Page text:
Reports surfaced this week that the Quetta Shura of the Afghan Taliban has agreed to commence negotiations with the government of Afghan President Hamid Karzai in an effort to reach a political settlement to the conflict in Afghanistan. The development, reportedly the result of intensive lobbying by Saudi Arabia, raises the question of whether any sort of workable Afghan power-sharing deal is possible.
Some opinion polling data from Pashtun-dominated provinces in Afghanistan suggest that there is popular support for reaching such an arrangement. But could the United States accept a negotiated end to the fighting that includes some degree of Taliban participation in the government of Afghanistan?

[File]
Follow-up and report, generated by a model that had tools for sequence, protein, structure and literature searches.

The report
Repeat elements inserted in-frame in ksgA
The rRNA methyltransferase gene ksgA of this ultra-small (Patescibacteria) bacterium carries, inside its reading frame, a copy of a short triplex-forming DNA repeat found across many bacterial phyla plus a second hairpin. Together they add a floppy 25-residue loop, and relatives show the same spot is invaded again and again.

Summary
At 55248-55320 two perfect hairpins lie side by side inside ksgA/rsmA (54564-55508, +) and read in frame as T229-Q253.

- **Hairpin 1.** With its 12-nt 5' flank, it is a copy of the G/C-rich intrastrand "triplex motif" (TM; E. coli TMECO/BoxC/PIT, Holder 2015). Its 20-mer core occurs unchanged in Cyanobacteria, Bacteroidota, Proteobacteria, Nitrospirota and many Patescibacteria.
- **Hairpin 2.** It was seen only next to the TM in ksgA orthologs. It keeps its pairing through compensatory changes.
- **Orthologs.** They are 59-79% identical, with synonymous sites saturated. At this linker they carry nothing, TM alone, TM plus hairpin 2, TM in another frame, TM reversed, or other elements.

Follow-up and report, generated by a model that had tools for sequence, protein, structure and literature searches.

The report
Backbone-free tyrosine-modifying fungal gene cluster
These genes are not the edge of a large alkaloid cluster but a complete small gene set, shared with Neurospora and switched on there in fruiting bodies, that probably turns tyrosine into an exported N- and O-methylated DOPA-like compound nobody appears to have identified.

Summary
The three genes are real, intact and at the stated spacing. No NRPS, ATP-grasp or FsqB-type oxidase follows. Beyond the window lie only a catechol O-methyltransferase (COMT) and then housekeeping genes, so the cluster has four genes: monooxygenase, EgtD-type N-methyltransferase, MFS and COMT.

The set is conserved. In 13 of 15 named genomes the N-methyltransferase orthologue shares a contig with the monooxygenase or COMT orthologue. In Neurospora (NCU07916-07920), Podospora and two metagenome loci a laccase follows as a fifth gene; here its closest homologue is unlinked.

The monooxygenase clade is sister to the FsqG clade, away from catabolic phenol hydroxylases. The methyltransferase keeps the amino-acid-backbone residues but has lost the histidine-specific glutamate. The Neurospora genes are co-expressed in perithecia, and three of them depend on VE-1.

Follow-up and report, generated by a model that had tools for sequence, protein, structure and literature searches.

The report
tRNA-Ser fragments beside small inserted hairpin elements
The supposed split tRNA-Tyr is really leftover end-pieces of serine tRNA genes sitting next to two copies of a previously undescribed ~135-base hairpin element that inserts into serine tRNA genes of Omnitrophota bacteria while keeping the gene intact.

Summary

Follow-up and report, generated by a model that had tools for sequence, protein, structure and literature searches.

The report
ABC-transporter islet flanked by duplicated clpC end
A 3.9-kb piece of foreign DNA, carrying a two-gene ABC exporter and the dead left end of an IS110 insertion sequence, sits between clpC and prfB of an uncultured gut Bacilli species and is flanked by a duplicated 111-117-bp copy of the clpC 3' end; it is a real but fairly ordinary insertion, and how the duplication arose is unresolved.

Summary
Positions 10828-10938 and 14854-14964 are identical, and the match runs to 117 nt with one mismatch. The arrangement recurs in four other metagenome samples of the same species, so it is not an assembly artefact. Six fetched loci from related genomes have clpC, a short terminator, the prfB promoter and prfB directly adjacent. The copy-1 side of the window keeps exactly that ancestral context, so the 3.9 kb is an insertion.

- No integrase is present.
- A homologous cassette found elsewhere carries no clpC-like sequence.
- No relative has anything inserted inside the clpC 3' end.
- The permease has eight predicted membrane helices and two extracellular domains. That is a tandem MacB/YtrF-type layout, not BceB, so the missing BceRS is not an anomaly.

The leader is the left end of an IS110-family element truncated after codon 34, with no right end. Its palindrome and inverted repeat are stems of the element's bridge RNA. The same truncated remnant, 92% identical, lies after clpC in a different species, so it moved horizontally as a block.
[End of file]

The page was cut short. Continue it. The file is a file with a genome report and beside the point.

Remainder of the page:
Washington might be able to live with a deal that left in place the broad parameters of the Afghan political settlement brokered and endorsed by the United States after the 2001 Bonn Conference, accompanied by a narrative emphasizing that "former Taliban elements" had been "reconciled" with the "legitimate" Afghan government. Ideally, the Taliban itself would cease to exist, perhaps to be reconstituted as a "national religious party," to give the appearance of a new political movement taking shape within the current Afghan political environment, as opposed to the "former regime" coming back to share power. This would allow current Taliban members to enter the Afghan government at both the national and regional levels. If accompanied by a complete cessation of efforts to overthrow the current regime, it would also allow the United States to claim that the outcome of the Afghan war was a success.